“I am not called to be successful; I’m called to be faithful.”
- Mother Theresa
When we read ‘the kingdom of heaven is like’ it is easy to assume that what follows is an allegory in which one character represents Jesus or God as the King. Perhaps this isn’t always the case. If the text is translated as ‘the kingdom of God can be compared to’ it can leave it open to seeing what the kingdom looks like or what the kingdom does not look like.
It is easy to think this parable is simply about ‘not wasting your talents’ which is not necessarily a moot point. Of course God wants us to use our gifts and ‘talents’ for the betterment of those around us but if this is true, that the King in this parable is God, it does say something about the character and nature of God which is something I can’t get away from.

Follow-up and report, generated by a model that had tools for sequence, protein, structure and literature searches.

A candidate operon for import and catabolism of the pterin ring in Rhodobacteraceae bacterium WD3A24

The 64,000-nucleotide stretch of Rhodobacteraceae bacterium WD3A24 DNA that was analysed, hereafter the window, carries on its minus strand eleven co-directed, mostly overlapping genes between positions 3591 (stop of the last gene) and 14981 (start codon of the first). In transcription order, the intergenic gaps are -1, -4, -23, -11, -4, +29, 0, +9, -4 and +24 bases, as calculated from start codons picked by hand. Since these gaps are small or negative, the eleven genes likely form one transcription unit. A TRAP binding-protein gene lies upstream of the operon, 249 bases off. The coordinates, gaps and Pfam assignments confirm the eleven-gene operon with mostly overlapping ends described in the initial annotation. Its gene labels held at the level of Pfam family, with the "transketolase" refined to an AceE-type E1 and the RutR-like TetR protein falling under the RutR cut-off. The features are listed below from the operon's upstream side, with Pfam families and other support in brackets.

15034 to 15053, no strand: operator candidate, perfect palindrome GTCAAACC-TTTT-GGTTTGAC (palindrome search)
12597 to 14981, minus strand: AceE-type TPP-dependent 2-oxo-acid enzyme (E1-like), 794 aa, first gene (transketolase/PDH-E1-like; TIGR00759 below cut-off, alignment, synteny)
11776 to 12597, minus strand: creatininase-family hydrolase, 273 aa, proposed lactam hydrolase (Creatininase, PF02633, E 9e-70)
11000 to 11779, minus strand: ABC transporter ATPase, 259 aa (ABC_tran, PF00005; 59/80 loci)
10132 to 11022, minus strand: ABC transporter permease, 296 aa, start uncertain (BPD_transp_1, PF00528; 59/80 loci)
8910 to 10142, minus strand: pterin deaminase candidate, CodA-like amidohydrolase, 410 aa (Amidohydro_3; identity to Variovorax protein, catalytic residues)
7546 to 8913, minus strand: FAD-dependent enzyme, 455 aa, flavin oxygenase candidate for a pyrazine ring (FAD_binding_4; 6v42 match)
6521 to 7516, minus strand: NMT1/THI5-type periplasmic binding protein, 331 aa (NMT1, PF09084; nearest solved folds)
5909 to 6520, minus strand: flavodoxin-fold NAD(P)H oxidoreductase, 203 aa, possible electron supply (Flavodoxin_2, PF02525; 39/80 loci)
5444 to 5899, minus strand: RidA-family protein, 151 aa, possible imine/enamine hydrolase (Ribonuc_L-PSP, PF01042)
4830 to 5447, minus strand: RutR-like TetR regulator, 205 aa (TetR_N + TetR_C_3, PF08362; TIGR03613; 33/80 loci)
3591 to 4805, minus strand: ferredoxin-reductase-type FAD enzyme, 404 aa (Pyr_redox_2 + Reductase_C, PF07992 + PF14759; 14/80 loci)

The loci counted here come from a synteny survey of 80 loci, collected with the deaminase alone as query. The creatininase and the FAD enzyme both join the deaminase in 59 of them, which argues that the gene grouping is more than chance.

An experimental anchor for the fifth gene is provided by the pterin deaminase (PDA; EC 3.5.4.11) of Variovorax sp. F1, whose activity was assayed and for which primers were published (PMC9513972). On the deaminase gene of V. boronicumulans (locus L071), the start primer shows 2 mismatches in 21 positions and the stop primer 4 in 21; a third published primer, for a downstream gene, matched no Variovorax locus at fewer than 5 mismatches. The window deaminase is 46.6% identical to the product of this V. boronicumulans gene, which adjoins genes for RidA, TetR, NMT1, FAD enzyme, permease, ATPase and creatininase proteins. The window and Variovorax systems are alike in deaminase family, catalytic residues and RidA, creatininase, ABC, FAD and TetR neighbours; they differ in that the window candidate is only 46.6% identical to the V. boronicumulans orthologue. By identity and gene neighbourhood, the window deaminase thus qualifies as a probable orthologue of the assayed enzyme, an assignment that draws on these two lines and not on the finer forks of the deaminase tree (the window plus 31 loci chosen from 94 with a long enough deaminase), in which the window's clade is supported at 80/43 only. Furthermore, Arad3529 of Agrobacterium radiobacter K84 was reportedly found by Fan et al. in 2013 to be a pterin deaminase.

In much of Matthews parables the ‘king’ is a harsh taskmaster. Is this what God is really like? A harsh task master? In this parable, he is an absent landlord who doesn’t do any work himself and lives off the work of his servants/slaves. It’s possibly convenient to read the parable as a simple capitalist allegory.
As with most parables we will bring our own understanding of God to the text. If we think he is absent, harsh, judgemental, angry, stingy, facilitates an economy of exchange, retributive, well we’ll easily see that in the text. I also think if that’s how we see him, that’s what we’ll become. Jesus shows us that there is a better way to understand his father which is why I’m just not convinced that the King in this parable is God.